Changes to local government bad for local democracy

Green Party Minority Report – Local Government Act 2002 Amendment Bill

Some 518 individuals, organisations and local authorities took the time to write thoughtful and constructive submissions and many appeared before the committee during hearings in Auckland, Hamilton, Wellington and Christchurch. The “vast majority” of submissions opposed the Bill. Given this, the Green Party is disappointed that more weight was not given to the issues raised by submitters and that Government members declined to amend the Bill to reflect public and submitter concerns.

The Green Party opposes the Bill, particularly:

–       The changes to the purpose of local government and the deletion of the “four well-beings” (social, economic, environmental and cultural);

–       The increased mayoral powers;

–       The loss of democracy represented by the increased powers of Ministerial intervention and the processes for how and when this will be used;

–       The content of the fiscal benchmarks and

–       The undemocratic procedures and criteria for council re-organisation.

Purpose of local government and “four well-beings”

The Green Party agrees with the assessment by Local Government NZ and SOGLM that: “The scale of the change signalled in this Bill…[has] the potential to create the most significant change to the sector since the amalgamations and accountability review of 1989. We would have expected that such proposals would have been grounded in top quality policy analysis, and a robust assessment of all of the available evidence. One only need look at the first page of the RIS to conclude, that for the most part, this has not been the case.”[1]

The lack of sound data and information or any robust analysis to support the changes in the Bill risks it being ineffective, having unintended consequences, and putting additional costs on councils and ratepayers, such as to amend long term plans.

Like the “vast majority” of submitters, the Green Party opposes the changes to the purpose of local government in the principal Act and the deletion of the promotion of the four community well-beings and their replacement by the narrower, more restrictive purpose in clause seven. The new purpose does not accurately describe the role of local government in New Zealand and councils’ relationships with their communities.

Many councils and community organisations highlighted councils’ central role in “place making” – creating attractive and healthy places to live and work in which attract investment capital, entrepreneurs and skilled workers.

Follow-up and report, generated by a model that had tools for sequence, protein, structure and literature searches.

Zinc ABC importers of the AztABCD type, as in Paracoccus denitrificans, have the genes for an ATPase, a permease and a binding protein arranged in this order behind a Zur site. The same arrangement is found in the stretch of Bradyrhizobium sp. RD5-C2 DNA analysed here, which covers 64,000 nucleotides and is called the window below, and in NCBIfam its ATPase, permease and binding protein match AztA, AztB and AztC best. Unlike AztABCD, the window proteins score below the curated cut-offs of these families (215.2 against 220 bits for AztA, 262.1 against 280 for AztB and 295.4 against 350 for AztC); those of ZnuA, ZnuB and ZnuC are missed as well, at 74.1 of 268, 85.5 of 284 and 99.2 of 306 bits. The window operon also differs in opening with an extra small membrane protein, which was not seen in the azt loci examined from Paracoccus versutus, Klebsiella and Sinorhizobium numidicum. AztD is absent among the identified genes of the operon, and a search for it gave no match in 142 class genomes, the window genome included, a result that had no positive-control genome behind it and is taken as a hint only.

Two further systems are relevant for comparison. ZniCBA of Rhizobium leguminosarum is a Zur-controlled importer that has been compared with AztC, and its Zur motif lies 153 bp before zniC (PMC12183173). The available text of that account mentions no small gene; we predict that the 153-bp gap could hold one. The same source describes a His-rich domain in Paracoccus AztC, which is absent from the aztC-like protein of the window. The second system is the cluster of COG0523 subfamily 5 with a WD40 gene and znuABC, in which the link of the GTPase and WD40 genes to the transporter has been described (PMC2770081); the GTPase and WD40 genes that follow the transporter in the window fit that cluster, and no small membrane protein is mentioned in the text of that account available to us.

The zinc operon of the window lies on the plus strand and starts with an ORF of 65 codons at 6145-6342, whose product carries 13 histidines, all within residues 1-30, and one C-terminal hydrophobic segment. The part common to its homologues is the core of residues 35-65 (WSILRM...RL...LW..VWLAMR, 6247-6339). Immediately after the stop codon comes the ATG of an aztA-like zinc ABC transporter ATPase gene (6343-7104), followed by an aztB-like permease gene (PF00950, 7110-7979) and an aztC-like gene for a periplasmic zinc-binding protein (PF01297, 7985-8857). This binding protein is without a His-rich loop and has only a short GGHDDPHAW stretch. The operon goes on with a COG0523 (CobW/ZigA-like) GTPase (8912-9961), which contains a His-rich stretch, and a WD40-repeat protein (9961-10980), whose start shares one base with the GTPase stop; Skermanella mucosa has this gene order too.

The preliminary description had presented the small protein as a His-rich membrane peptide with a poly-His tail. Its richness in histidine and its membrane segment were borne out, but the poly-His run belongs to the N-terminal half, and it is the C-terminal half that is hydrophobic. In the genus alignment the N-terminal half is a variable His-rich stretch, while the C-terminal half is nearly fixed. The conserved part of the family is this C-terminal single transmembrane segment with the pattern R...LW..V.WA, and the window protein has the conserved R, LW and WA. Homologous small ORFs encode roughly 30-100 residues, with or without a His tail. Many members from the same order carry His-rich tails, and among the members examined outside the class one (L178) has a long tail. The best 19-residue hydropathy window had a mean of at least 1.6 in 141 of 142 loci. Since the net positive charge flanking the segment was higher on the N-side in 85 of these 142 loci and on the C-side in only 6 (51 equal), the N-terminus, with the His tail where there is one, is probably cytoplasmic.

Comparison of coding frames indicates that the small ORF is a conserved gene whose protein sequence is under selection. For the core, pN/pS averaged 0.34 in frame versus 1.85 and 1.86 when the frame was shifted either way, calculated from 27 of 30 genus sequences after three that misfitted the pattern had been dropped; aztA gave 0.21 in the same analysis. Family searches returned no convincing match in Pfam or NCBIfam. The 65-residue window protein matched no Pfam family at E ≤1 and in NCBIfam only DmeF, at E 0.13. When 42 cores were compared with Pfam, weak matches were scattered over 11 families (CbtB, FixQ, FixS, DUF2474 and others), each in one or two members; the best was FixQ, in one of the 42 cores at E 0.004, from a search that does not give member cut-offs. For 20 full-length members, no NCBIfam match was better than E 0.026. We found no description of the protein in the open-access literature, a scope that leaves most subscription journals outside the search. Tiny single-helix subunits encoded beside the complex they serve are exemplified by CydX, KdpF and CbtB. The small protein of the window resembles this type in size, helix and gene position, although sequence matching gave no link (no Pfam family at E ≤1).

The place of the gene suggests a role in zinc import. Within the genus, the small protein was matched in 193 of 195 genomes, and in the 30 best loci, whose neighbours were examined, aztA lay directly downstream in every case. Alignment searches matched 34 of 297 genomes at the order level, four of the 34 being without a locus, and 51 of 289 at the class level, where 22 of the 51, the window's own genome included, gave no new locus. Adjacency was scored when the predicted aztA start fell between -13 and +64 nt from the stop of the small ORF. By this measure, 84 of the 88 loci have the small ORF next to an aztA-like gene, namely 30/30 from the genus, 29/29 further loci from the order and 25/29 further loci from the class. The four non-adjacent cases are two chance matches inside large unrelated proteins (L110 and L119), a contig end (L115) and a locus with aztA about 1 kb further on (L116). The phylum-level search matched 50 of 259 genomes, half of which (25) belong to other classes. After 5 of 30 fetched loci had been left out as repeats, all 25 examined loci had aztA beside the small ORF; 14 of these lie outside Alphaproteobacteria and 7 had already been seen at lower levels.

Submitters presented evidence on the many significant and diverse activities and services which councils provide or help support. These include early childhood education, premises for medical and health professionals, community care for the disadvantaged, funding for riparian management, crime prevention and the arts.  These matters can be as important to communities’ long term economic viability, growth and development as infrastructure provision.

As the Human Rights Commission observed, “Local government decisions, including how services are provided, are often the most direct expression of the democratic process (or lack of it).”[2] The Green Party believes that the change to the purpose will undermine councils’ autonomy and their ability to deliver on their communities priorities.

As the Tasman District Council noted, “The benefit of the current purpose of local government stated in the LGA 2002 is that it focuses councils and communities on ensuring council activities and services provide community wellbeing. It enables councils to identify what is important to their specific communities and to meet the needs and preferences of those communities.

“What councils do is ultimately determined in consultation with their communities. Any council not reflecting the needs, wishes, and preferences of their communities will not last long.” [3]

Council submissions and evidence suggested that rates increases are more likely to be the result of infrastructure provision, addressing historically deferred maintenance and new regulatory responsibilities rather than the current statutory purpose of promoting community well-being. The Green Party agrees.